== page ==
by Ravichandran Purushothaman, President, Danfoss Industries
A Billion Dollar Market
India’s wastewater plant segment is projected to stand at 4.3 billion US dollars by 2025 according to NITI Aayog. While this may seem like a massive opportunity for economic growth, one must consider the socio-environmental effects that comes with it.Spanning across the country, it is estimated that there are 920 sewage water treatment plants, and it is only set to grow in the future with the rising population. A study conducted by the integrated infrastructure finance company indicates that by the year 2051, the gross waste water generated at urban centres would be close to a whopping 120,000 mld (million litres per day). To counter these challenges, cost effective and environmentally sustainable solutions are sought by most urban municipalities within India.
Where does the waste go?
With India being an overpopulated country, the need for preserving sources of fresh water and reusing treated wastewater, especially in large urban areas is crucial for health and safety. Ecologically, the effects of poorly treated wastewater, that hit closer to home, is the Bellandur lake in the southern city of Bangalore that caught fire in 2018. On closer investigation it was found that close to 70 million gallons of untreated sewage water was found in the lake that had completely ruined the ecosystem.
Another example of untreated wastewater that caused a health crisis of cataclysmic proportions was in the city of Flint, Michigan in 2014. The reason for this crisis was the changing of water source from the sewage and water treatment plant to the Flint river. This ended up poisoning thousands of residents with lead and Legionella bacteria. It is therefore imperative for India to invest in wastewater treatment plants that not only aid in saving cost and are sustainable, but also improves the health of residents.These events give an accurate representation of a world without wastewater treatment plants and the subsequent harmful effects.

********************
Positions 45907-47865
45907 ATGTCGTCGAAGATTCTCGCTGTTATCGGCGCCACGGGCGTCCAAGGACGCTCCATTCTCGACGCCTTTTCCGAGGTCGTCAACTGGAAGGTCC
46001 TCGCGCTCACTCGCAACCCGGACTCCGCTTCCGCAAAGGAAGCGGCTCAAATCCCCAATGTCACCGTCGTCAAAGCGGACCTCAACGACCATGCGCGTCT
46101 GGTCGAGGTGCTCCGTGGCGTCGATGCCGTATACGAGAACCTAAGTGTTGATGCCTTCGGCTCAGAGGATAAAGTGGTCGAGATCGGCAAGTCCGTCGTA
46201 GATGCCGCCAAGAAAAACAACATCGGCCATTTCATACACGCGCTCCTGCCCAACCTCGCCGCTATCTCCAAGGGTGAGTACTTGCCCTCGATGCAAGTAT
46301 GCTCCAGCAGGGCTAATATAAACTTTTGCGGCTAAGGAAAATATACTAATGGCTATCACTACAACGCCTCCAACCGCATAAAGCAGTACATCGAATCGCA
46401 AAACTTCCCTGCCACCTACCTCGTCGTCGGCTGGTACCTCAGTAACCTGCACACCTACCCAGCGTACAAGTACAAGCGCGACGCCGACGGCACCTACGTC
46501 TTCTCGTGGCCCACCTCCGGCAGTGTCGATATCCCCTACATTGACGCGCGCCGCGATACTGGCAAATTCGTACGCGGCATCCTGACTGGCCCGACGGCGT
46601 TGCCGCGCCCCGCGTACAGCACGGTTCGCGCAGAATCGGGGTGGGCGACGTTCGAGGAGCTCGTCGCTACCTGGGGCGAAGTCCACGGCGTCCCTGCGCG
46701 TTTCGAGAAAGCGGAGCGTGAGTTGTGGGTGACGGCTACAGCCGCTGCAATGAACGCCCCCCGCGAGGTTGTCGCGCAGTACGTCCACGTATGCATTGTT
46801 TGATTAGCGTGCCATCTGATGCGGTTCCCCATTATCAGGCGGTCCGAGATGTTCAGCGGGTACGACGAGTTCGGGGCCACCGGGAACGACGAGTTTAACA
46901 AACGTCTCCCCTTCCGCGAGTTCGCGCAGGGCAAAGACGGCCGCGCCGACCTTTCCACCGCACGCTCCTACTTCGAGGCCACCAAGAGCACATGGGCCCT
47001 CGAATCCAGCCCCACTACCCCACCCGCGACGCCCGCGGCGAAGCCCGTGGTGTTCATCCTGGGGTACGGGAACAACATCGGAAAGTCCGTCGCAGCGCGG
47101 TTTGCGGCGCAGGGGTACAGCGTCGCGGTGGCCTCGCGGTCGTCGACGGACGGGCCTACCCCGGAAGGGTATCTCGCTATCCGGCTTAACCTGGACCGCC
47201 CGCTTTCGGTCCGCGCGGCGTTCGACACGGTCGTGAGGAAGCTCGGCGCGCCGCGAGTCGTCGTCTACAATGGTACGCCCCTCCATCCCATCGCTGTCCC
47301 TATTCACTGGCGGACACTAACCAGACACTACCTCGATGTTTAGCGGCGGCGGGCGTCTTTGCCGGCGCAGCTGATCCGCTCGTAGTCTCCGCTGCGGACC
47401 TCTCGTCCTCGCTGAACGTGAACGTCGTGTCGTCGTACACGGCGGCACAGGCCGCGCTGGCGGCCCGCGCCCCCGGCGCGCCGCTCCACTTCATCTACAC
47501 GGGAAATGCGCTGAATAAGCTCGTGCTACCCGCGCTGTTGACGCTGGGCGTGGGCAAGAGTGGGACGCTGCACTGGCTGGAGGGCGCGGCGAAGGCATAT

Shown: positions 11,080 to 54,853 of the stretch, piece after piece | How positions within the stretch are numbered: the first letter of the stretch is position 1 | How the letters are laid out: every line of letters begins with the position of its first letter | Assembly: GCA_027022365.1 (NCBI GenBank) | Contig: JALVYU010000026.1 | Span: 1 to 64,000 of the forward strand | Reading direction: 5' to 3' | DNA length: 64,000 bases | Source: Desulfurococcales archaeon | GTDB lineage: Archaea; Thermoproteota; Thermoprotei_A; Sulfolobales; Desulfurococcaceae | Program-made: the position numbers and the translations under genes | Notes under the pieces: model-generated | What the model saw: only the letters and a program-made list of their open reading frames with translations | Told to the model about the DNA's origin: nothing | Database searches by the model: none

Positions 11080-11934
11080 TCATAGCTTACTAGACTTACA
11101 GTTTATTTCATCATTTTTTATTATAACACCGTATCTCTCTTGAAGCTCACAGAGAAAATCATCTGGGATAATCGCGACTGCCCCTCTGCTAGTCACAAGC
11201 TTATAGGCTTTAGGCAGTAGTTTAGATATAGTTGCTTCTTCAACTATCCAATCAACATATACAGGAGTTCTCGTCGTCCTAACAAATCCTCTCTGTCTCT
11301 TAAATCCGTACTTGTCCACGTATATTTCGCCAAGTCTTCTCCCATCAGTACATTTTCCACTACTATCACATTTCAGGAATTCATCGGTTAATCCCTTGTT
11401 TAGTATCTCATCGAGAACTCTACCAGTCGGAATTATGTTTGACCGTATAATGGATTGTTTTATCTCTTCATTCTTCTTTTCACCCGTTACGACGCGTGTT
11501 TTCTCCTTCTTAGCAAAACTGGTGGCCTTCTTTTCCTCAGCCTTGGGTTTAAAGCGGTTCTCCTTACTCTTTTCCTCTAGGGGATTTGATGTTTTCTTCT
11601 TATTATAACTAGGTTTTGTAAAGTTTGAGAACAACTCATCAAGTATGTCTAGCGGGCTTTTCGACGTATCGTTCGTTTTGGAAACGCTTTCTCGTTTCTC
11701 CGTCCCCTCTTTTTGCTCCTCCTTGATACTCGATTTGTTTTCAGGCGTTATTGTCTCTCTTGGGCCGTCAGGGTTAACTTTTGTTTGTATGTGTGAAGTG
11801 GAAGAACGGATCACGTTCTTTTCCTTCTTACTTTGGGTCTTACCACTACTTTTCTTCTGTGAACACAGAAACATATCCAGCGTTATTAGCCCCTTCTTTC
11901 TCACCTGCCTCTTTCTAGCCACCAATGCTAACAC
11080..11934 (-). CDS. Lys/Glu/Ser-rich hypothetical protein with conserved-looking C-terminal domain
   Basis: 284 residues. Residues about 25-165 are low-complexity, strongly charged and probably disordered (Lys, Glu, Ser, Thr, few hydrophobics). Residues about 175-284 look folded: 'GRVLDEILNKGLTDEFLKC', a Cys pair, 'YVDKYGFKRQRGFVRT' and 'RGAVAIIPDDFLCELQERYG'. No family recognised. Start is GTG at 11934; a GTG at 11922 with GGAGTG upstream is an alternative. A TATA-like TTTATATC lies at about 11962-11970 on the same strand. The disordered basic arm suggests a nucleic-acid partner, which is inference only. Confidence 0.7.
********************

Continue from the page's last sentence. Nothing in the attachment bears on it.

The path to efficiency
In contemporary times, technological advancements in the field of wastewater treatment plants are aligned towards being energy producers rather than energy consumers. Current methods for carbon neutrality that are undertaken by wastewater treatment plants are the production of biogas from sludge. This biogas is then used as fuel for production of electricity in multi-fuel combined heat and power plants. All wastewater treatment plants around the world run on certain basic components such as pumps, blowers, mixers, chemical dosing, and drives. The effort now is to ensure these componentsare more energy efficient to make these plants net carbon negative.